Archive for March 14, 2013

ExoMars: ESA And Roscosmos Set For Mars Missions

ESA and the Russian federal space agency, Roscosmos, have signed a formal agreement to work in partnership on the ExoMars programme towards the launch of two missions in 2016 and 2018.

Establishing whether life ever existed on Mars is one of the outstanding scientific questions of our time and the highest scientific priority of the ExoMars programme.

The partners have agreed a balanced sharing of responsibilities for the different mission elements. ESA will provide the Trace Gas Orbiter (TGO) and the Entry, Descent and Landing Demonstrator Module (EDM) in 2016, and the carrier and rover in 2018.

Roscosmos will be responsible for the 2018 descent module and surface platform, and will provide launchers for both missions. Both partners will supply scientific instruments and will cooperate closely in the scientific exploitation of the missions.

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Astronomers Celebrate New Era Of Discovery With ALMA Inauguration

ALMA, the Atacama Large Millimeter/submillimeter Array, was officially inaugurated today (3/13/2013) in a ceremony that brought together representatives from the international astronomical community. Today’s event marked the formal beginning of ALMA’s decades-long journey of discovery.

Able to observe the Universe by detecting light that is invisible to the human eye, ALMA will show us never-before-seen details about the birth of stars, infant galaxies in the early Universe, and planets coalescing around distant suns. It also will discover and measure the distribution of molecules — many essential for life — that form in the space between the stars.

ALMA is a single instrument composed of 66 high-precision antennas that function as one telescope. Constructed over a period of 10 years in the high desert of the Chilean Andes at a total cost of $1.3 billion (US), ALMA is an international partnership, combining the scientific, technical, and financial resources of North America, Europe, and East Asia.

The telescope already has provided unprecedented views of the cosmos with only a portion of its full array. With the last of the antennas now undergoing final testing, astronomers will have access to the most sensitive and highest-resolution instrument operating at millimeter and submillimeter wavelengths, the transition between infrared light and radio waves.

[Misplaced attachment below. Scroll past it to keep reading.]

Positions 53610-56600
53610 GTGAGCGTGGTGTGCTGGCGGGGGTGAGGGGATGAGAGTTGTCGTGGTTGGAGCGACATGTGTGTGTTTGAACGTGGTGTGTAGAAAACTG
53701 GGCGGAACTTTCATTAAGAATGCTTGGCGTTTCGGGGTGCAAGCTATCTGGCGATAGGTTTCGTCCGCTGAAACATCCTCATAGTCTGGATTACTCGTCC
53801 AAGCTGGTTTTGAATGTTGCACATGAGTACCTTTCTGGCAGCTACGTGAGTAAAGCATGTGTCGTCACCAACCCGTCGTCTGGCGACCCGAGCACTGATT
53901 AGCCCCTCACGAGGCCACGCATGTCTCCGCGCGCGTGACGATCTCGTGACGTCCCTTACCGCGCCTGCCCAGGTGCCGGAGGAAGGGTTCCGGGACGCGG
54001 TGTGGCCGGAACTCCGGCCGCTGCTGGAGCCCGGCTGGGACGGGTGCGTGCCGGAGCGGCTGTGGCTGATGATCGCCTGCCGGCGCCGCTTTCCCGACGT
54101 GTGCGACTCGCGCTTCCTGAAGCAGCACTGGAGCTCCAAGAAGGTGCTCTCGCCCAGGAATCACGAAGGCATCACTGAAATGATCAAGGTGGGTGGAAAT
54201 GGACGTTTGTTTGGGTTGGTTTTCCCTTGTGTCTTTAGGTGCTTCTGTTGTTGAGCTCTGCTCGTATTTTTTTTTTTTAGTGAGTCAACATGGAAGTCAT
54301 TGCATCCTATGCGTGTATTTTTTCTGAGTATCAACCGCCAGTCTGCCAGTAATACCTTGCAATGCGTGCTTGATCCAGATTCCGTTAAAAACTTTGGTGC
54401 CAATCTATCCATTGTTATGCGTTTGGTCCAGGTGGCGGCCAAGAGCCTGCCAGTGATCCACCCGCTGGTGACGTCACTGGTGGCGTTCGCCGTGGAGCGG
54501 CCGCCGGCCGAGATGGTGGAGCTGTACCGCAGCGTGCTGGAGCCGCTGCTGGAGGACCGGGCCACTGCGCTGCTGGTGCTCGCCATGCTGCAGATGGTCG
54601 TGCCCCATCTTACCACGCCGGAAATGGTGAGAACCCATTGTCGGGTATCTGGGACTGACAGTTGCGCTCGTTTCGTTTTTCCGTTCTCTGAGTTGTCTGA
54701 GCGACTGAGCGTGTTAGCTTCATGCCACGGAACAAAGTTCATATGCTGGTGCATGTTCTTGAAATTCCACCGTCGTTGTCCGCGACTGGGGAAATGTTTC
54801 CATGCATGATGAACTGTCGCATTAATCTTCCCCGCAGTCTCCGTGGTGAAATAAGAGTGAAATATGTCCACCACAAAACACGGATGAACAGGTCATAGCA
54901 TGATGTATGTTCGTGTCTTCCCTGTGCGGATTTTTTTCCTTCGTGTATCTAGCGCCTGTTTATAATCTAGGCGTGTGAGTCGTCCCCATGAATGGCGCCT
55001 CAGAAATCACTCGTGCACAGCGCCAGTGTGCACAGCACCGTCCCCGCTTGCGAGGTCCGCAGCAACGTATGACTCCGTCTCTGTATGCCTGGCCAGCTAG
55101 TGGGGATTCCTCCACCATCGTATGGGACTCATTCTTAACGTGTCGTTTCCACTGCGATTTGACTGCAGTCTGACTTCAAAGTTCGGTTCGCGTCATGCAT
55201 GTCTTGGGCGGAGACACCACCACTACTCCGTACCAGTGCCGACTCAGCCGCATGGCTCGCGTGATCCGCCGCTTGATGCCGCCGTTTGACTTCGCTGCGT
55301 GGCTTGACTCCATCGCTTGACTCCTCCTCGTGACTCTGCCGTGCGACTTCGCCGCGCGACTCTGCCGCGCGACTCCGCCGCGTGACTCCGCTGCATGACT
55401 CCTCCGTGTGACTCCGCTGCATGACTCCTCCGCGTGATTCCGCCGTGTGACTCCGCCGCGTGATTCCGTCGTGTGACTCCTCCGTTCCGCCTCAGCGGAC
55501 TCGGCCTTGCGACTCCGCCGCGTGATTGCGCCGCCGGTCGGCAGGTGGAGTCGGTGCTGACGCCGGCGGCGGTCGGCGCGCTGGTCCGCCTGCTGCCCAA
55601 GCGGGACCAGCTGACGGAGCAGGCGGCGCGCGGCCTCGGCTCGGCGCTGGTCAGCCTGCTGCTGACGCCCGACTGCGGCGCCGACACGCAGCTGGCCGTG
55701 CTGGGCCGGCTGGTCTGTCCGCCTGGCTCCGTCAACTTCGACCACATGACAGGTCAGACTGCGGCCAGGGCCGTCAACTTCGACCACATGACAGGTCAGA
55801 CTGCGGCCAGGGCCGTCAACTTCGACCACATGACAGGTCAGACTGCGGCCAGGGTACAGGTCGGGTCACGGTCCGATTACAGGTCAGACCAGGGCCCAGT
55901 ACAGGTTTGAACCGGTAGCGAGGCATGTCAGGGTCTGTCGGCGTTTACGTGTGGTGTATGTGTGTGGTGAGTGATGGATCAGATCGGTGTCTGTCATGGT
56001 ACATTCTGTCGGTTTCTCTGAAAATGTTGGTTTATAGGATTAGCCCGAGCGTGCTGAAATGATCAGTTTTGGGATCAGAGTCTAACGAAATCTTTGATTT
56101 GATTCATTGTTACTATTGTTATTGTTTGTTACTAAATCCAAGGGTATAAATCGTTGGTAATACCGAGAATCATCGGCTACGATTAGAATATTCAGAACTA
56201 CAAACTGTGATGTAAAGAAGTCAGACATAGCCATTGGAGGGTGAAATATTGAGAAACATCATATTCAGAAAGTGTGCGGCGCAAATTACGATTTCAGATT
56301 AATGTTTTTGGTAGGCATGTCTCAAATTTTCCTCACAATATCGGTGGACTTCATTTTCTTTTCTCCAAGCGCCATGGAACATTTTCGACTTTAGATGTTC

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NASA Rover Finds Conditions Once Suited For Ancient Life On Mars

An analysis of a rock sample collected by NASA’s Curiosity rover shows ancient Mars could have supported living microbes.

Scientists identified sulfur, nitrogen, hydrogen, oxygen, phosphorus and carbon — some of the key chemical ingredients for life — in the powder Curiosity drilled out of a sedimentary rock near an ancient stream bed in Gale Crater on the Red Planet last month.

“A fundamental question for this mission is whether Mars could have supported a habitable environment,” said Michael Meyer, lead scientist for NASA’s Mars Exploration Program at the agency’s headquarters in Washington. “From what we know now, the answer is yes.”

Clues to this habitable environment come from data returned by the rover’s Sample Analysis at Mars (SAM) and Chemistry and Mineralogy (CheMin) instruments. The data indicate the Yellowknife Bay area the rover is exploring was the end of an ancient river system or an intermittently wet lake bed that could have provided chemical energy and other favorable conditions for microbes.

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ALMA Rewrites History Of Universe’s Stellar Baby Boom

Credit: ALMA (ESO/NRAO/NAOJ), Y. Hezaveh et al.

Credit: ALMA (ESO/NRAO/NAOJ), Y. Hezaveh et al.

Observations with the Atacama Large Millimeter/submillimeter Array (ALMA) show that the most vigorous bursts of star birth in the cosmos took place much earlier than previously thought. The results are published in a set of papers to appear in the journal Nature on 14 March 2013, and in the Astrophysical Journal. The research is the most recent example of the discoveries coming from the new international ALMA observatory, which celebrates its inauguration today.

The most intense bursts of star birth are thought to have occurred in the early Universe, in massive, bright galaxies. These starburst galaxies convert vast reservoirs of cosmic gas and dust into new stars at a furious pace — many hundreds of times faster than in stately spiral galaxies like our own galaxy, the Milky Way. By looking far into space, at galaxies so distant that their light has taken many billions of years to reach us, astronomers can observe this busy period in the Universe’s youth.

“The more distant the galaxy, the further back in time one is looking, so by measuring their distances we can piece together a timeline of how vigorously the Universe was making new stars at different stages of its 13.7 billion year history,” said Joaquin Vieira (California Institute of Technology, USA), who led the team and is lead author of the paper in the journal Nature.

The international team of researchers first discovered these distant and enigmatic starburst galaxies with the US National Science Foundation’s 10-metre South Pole Telescope (SPT) and then used ALMA to zoom in on them to explore the stellar baby boom in the young Universe. They were surprised to find that many of these distant dusty star-forming galaxies are even further away than expected. This means that, on average, their bursts of star birth took place 12 billion years ago, when the Universe was just under 2 billion years old — a full billion years earlier than previously thought.

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